Nurse honors teen cancer patient with his Bronze Star and Soldier’s Medal

‘A true hero and inspiration,’ Jesse managed a smile when Bob Wilkinson pinned the medals to the boy’s pillow.

An old proverb advises that it’s not glittering weapons that fight the fight, but a hero’s heart. Bob Wilkinson, R.N., probably understands this better than most.

A former combat soldier, Bob, 63, served in the Army for 20 years. After retiring as a first sergeant, he began a career in nursing. He has spent the past 16 years at Norton Children’s Hospital, working closely on 7 West with children and families bravely facing cancer.

Recently, one particular patient deeply touched Bob’s heart. Jesse Schott — a 17-year-old student at North Bullitt High School, Junior ROTC member and Eagle Scout. Jesse had shown incredible courage and spirit during a three-year battle with brain cancer.

“To me, and many others, Jesse was a true hero and inspiration,” Bob said.

Cancer couldn’t stop Jesse from his ROTC duties

Despite many setbacks, Jesse often described himself as “lucky.” He was excited last August to command his JROTC color guard for the first football game of the season.

Before the game, Jesse told a reporter he had never been game commander before.

“I think it’s a wonderful thing,” he said.

By December, Jesse’s cancer had spread, but he still took part in a competitive ROTC drill meet. He also organized Boy Scout Troop 007’s project to collect damaged flags for proper disposal. In January, the Kentucky National Guard recognized him as an honorary member.

A smile when Bob pinned the medals to his pillow

Early this summer, Jesse was re-admitted to 7 West. Family and caregivers knew his journey was nearing its end.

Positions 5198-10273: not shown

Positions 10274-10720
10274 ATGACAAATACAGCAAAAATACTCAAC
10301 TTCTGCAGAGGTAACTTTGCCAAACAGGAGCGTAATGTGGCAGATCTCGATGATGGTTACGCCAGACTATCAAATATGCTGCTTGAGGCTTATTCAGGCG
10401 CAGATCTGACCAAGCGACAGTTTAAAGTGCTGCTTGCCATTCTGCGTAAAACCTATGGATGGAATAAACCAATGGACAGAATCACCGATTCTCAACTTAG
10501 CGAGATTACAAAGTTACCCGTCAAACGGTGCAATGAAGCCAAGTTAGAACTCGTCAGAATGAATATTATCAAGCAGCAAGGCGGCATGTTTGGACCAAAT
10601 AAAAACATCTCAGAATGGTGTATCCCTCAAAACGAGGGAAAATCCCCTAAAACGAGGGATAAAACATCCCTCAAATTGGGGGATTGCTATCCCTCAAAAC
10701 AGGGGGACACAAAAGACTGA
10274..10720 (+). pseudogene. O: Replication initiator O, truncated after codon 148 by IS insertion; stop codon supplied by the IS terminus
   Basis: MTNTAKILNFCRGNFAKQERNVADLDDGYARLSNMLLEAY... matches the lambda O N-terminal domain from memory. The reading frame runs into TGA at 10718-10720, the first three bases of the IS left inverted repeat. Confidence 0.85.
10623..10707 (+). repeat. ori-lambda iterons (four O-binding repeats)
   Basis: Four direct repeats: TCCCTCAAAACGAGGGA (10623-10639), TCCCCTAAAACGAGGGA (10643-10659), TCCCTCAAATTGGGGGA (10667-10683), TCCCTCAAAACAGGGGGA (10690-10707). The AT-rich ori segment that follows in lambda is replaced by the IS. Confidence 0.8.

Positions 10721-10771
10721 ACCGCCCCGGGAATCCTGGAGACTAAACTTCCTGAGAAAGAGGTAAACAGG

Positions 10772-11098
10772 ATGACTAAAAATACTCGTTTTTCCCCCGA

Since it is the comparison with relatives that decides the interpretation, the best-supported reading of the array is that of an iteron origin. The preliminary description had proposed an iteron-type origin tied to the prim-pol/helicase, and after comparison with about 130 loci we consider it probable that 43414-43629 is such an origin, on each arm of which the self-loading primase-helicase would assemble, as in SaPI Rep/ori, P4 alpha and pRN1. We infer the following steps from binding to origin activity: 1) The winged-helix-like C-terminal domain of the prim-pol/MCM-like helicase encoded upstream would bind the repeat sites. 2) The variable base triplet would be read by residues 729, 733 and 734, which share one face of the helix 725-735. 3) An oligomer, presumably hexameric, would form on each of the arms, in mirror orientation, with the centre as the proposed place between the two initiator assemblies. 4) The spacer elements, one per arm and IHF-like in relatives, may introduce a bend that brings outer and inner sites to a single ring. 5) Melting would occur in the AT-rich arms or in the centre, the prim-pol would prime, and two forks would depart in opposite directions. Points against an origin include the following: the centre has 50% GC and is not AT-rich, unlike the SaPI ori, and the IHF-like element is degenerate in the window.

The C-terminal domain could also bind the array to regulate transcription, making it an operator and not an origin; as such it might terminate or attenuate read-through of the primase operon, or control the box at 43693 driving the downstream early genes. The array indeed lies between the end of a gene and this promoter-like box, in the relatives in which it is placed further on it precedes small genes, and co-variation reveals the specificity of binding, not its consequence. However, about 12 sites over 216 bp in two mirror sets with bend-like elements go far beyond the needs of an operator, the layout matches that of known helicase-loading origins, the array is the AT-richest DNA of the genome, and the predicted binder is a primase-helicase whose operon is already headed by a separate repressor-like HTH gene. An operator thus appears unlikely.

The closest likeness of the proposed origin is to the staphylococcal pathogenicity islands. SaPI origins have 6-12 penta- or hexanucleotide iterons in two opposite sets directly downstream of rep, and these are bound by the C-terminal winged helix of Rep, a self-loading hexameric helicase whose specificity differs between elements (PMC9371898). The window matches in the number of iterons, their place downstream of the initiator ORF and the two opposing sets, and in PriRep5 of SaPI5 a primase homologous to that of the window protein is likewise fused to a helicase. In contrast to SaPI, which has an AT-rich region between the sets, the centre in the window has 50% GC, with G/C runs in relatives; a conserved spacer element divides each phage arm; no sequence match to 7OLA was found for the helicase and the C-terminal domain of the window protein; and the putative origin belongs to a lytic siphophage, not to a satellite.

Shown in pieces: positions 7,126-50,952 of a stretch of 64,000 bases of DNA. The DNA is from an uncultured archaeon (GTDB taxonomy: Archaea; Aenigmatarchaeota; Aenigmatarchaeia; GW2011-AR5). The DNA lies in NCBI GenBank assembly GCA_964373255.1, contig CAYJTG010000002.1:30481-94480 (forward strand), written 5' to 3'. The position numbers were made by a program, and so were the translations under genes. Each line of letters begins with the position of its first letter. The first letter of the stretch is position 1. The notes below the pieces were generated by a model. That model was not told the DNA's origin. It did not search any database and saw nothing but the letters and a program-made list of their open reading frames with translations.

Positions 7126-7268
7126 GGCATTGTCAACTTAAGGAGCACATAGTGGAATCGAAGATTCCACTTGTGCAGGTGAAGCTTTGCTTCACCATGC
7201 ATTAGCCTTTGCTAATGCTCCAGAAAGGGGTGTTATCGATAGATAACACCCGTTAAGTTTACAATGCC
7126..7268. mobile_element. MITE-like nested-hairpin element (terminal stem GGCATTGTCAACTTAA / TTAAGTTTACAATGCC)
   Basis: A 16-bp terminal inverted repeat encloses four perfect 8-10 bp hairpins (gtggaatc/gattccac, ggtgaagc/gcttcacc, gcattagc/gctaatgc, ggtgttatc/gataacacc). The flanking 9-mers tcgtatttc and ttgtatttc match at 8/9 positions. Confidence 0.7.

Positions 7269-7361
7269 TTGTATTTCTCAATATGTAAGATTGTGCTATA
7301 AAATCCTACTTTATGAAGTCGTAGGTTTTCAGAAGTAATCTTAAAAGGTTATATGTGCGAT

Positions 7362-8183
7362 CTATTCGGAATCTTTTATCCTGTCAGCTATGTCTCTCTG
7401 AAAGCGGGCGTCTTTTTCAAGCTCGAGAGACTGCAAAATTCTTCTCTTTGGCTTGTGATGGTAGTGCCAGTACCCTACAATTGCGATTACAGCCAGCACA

As his shift ended one day, Bob made a decision. At his Rineyville, Kentucky, home he retrieved two medals awarded to him during his military service: a Bronze Star for heroic achievement in combat during Operation Desert Storm, and a Soldier’s Medal for heroism not involving an armed enemy conflict.

When Bob returned to work, he pinned the medals on Jesse’s pillow. Kyle Schott, Jesse’s grandfather, said Jesse was unable to speak, but he smiled.

Service medals laid to rest with Jesse

Norton Children’s Cancer Institute, affiliated with the University of Louisville

Offering unparalleled cancer care to families in Kentucky, Southern Indiana and beyond.

“It touched my heart that Bob would do this,” Kyle said. “The staff at Norton Children’s couldn’t be any better. They loved Jesse and were a part of our family.”

On June 30, 2018, the medals were laid to rest with Jesse.

When Bob was asked about sharing this story, the humble husband, father and grandfather insisted the focus be on Jesse and his family’s courage.

“His grandparents, aunts and uncles showed incredible grace, strength and love through it all,” Bob said.

A hero’s heart, it seems, fights the good fight in many ways.